What should a retailer ask at an exit interview?
At Patagonia, exit interviews don’t start by asking why the employee is leaving but what inspired them to join in the first place.
“After that it’s, ‘Did we do that?’ ‘What was the experience we delivered for you?’ ‘Where was the difference in that?,’” said Patagonia’s chief human resources officer Dean Carter last month at Qualtrics X4 Experience Management Summit in Salt Lake City, according to Quartz.
The goal is to “hear their story” and avoid as much adversarial conversation as possible.
“Sometimes,” added Mr. Carter, “we’ll both be crying over where we both missed the experience [for] Patagonia.”
Mr. Carter noted that he’s fortunate to have the time to conduct such extensive interviews. Patagonia’s turnover rate at the corporate level is only four percent annually.
Exit interviews offer opportunities for employers to gather insights into the workplace, including identifying problems with specific managers or shortcomings with a company’s culture or resources. An exiting employee should presumably be allowed to speak freely without fear of reprisal.
According to Harvard Business Review (HBR), however, exit interviews are often unproductive because exiting employees can be fearful of burning bridges and undermining their future career prospects. Some firms use anonymous surveys to gain more honest answers.
Many departing employees, according to HBR, have already “checked out mentally” by the time of the exit interview and fail to provide meaningful feedback.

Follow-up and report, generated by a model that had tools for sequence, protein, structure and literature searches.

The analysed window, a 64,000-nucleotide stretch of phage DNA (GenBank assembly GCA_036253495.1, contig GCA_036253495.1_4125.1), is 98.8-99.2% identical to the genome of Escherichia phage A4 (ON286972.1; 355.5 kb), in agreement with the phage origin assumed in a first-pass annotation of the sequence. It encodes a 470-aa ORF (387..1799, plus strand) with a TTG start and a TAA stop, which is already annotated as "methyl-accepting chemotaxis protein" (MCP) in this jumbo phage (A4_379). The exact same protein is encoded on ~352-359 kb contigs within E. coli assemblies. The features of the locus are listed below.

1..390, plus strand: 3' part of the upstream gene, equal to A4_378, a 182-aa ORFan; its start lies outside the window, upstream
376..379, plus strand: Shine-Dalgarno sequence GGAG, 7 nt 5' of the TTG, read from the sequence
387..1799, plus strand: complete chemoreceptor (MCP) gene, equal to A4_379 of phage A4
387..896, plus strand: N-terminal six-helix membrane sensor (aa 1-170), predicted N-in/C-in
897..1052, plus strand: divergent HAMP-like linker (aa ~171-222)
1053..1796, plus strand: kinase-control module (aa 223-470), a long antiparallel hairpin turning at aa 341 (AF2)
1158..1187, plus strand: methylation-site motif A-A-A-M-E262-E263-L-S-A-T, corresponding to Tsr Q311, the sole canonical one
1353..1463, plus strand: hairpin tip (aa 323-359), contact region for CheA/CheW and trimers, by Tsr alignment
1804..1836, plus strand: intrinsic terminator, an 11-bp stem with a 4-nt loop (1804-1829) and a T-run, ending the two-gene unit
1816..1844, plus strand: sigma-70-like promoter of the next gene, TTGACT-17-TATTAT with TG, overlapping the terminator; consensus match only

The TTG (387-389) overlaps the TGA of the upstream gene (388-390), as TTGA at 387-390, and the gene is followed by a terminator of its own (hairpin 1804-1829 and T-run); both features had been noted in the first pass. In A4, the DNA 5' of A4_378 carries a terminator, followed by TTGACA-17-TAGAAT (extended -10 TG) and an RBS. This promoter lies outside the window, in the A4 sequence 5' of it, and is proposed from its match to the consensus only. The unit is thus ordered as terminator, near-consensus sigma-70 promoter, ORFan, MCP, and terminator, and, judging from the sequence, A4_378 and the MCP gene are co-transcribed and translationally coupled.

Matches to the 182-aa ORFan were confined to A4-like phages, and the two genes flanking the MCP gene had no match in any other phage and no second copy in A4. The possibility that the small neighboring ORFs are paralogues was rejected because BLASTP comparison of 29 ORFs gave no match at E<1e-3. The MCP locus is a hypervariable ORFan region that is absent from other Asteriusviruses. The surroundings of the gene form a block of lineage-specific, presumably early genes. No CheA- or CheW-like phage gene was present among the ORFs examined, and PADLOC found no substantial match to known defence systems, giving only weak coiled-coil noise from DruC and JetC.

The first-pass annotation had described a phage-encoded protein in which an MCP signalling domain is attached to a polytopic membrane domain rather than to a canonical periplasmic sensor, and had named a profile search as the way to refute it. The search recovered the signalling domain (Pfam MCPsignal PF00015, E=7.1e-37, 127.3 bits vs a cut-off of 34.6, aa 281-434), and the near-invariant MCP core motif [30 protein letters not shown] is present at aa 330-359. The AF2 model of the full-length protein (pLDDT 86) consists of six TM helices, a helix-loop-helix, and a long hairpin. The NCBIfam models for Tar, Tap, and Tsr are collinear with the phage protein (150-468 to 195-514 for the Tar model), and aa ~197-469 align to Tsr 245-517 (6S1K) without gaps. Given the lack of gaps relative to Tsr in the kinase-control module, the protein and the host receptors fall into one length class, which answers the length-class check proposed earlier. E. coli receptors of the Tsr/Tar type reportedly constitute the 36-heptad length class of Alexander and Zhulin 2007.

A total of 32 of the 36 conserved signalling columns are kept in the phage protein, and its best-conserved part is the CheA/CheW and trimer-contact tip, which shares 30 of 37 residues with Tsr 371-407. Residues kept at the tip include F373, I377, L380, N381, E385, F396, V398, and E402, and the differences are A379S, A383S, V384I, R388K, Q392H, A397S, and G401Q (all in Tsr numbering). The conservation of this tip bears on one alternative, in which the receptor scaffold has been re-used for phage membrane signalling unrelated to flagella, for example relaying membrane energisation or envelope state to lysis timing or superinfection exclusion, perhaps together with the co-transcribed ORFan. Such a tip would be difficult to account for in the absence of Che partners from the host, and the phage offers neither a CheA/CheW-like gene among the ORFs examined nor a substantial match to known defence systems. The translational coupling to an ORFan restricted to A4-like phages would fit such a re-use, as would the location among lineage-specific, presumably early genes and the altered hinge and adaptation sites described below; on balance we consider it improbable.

Some employees may also become annoyed the employer didn’t seek out their feedback well before their exit.
For their part, those doing the interviewing may want to avoid a tense situation and they may be biased. A formal process for responding to any actionable insights from such interviews is often missing at firms.
Finding time for an exit interview with so many exits appears to be a particular challenge for retail. A survey of retail HR executives from Korn Ferry that came out last November found part-time hourly store employees had an 81 percent turnover rate on average. Retail corporate positions saw the lowest turnover rates at retail, at 15.6 percent.
- At Patagonia, exit interviews are rare—but they go deep – Quartz
- Retail Employee Turnover Up As Black Friday And Holiday Shopping Season Nears, According To Korn Ferry Hay Group Survey Of Top U.S. Retailers – Korn Ferry Hay Group
- Making Exit Interviews Count – Harvard Business Review
- Do You Need To Conduct Exit Interviews? 10 HR Pros Weigh In – Forbes
DISCUSSION QUESTIONS: Are exit interviews more practical and valuable at the store level or at the corporate level? What tips would you have for managers who administer them? What questions should they ask?